Tips and tidbits from the leaders in educating children with love and for love
Nick Esposito


As students approach their teenage years, there is a lot of pressure to be perfect.  They believe that they must have perfect grades, the perfect resume, and a social media presence that must reflect their most perfect selves.  A blind pursuit of perfection is a dangerous endeavor for young people.  As many adults can testify, perfection is very difficult if not impossible to attain.  If that is the goal of our young people, they will live very unfulfilled lives.  Perfect grades, perfect resumes, and perfect social media accounts should not be life goals but rather byproducts of something much more valuable.  It is important that we do not simply demand perfection from our children but that we empower them to always give a perfect effort.


A perfect effort is the consistent exploration of what it takes to be the best person that they can be. 


Ancillae-Assumpta Academy’s Junior High program is designed to give young people the opportunity to explore what it means to give a perfect effort every single day.  The effort that our students use to approach their academics, extracurricular activities, faith formation and interpersonal relationships will shape the person who they are going to become in the real world.  It is our goal as a group of educators to seek out teachable moments to give our students this critical mindset. 


A Perfect Effort through Excellence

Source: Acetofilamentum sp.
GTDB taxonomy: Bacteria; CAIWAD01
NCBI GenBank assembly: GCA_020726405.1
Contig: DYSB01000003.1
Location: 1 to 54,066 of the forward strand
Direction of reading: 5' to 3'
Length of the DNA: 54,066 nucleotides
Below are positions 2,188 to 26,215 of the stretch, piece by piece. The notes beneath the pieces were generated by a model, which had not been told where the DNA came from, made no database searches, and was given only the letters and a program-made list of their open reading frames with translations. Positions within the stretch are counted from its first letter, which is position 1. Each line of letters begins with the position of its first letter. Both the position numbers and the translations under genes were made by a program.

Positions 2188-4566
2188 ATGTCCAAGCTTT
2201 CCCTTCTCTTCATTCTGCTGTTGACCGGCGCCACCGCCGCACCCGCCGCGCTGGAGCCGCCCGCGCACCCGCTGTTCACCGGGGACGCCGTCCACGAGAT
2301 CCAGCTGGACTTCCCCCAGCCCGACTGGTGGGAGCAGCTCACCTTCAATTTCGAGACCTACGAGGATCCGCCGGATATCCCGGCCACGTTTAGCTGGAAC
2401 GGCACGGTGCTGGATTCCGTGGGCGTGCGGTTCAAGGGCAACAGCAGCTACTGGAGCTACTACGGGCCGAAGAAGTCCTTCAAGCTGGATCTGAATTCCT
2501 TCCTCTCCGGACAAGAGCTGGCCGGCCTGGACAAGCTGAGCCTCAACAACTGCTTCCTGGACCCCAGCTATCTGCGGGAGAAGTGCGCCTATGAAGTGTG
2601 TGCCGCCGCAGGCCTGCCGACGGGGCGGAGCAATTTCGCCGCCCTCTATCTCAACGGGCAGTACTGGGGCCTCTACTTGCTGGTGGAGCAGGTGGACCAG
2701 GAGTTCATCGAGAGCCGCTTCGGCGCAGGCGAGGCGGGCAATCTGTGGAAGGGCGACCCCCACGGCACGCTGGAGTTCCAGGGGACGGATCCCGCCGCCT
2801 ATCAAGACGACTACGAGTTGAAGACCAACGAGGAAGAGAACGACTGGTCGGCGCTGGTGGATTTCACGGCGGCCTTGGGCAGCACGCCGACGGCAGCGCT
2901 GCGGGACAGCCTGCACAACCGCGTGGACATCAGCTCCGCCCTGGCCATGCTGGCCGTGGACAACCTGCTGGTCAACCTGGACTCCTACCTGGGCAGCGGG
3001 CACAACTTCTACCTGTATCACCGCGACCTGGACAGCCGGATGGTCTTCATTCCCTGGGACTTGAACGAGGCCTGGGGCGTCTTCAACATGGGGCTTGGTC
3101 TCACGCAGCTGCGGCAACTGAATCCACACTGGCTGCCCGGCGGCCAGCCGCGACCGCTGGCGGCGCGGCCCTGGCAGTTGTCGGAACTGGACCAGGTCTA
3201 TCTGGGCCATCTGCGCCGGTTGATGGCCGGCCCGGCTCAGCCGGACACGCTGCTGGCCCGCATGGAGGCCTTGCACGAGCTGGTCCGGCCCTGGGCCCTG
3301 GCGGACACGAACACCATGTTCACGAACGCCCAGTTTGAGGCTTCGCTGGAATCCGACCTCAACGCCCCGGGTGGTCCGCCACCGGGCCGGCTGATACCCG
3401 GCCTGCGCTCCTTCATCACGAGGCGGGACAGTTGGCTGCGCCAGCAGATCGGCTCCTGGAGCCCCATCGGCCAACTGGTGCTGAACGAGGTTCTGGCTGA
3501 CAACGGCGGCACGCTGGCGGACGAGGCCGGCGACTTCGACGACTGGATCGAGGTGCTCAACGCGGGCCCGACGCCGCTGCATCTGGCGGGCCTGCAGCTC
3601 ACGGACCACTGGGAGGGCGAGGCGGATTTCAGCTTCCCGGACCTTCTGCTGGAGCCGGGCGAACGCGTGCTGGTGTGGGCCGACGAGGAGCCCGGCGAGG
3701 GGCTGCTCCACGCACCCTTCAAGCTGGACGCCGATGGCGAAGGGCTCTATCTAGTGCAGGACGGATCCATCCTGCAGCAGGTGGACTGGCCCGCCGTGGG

It is understandable for our students to excel in the subjects that they find interesting.  That is why teachers try to engage students in a variety of ways.  They will utilize different mediums, project types, and delivery systems for their curricular content.  Beyond that, students who are interested in a subject are more likely to take notes, participate, and thoroughly complete assignments.  These effective student strategies lead the students to the good grades that they are seeking.  It is an important part of the learning process to apply those same methods of success to subjects that they do not find as interesting.  A strong desire to give a perfect effort will open students’ minds to new possibilities. 


A Perfect Effort through Commitment

Once our students have developed their methods of success they must stay committed to them in all areas of their lives.  On last year’s 8th grade field trip to Williamsburg, Virginia, a few of our students stood in line with a puzzled look on their faces.  They stood with their finished dinner plates looking where to deposit their compost.  At the place where we were eating, there were trash and recycling bins, however, there was no bin for compost.  Our students had internalized our school’s mission to take care of the environment.  One of our chief initiatives on campus is to compost all of the leftover food from lunch.  In that moment, it would have been easy for our 8th graders to dump their leftovers into the trash and then return to their seats.  Without direction from the faculty, our students instead sought out the staff to discuss possible composting options.  A few moments later, a composting station was created and was utilized for the entirety of the 4-day trip.  Sometimes a perfect effort calls for collaboration and innovation in order to stay committed when doing so is not easy. 


A Perfect Effort through Faith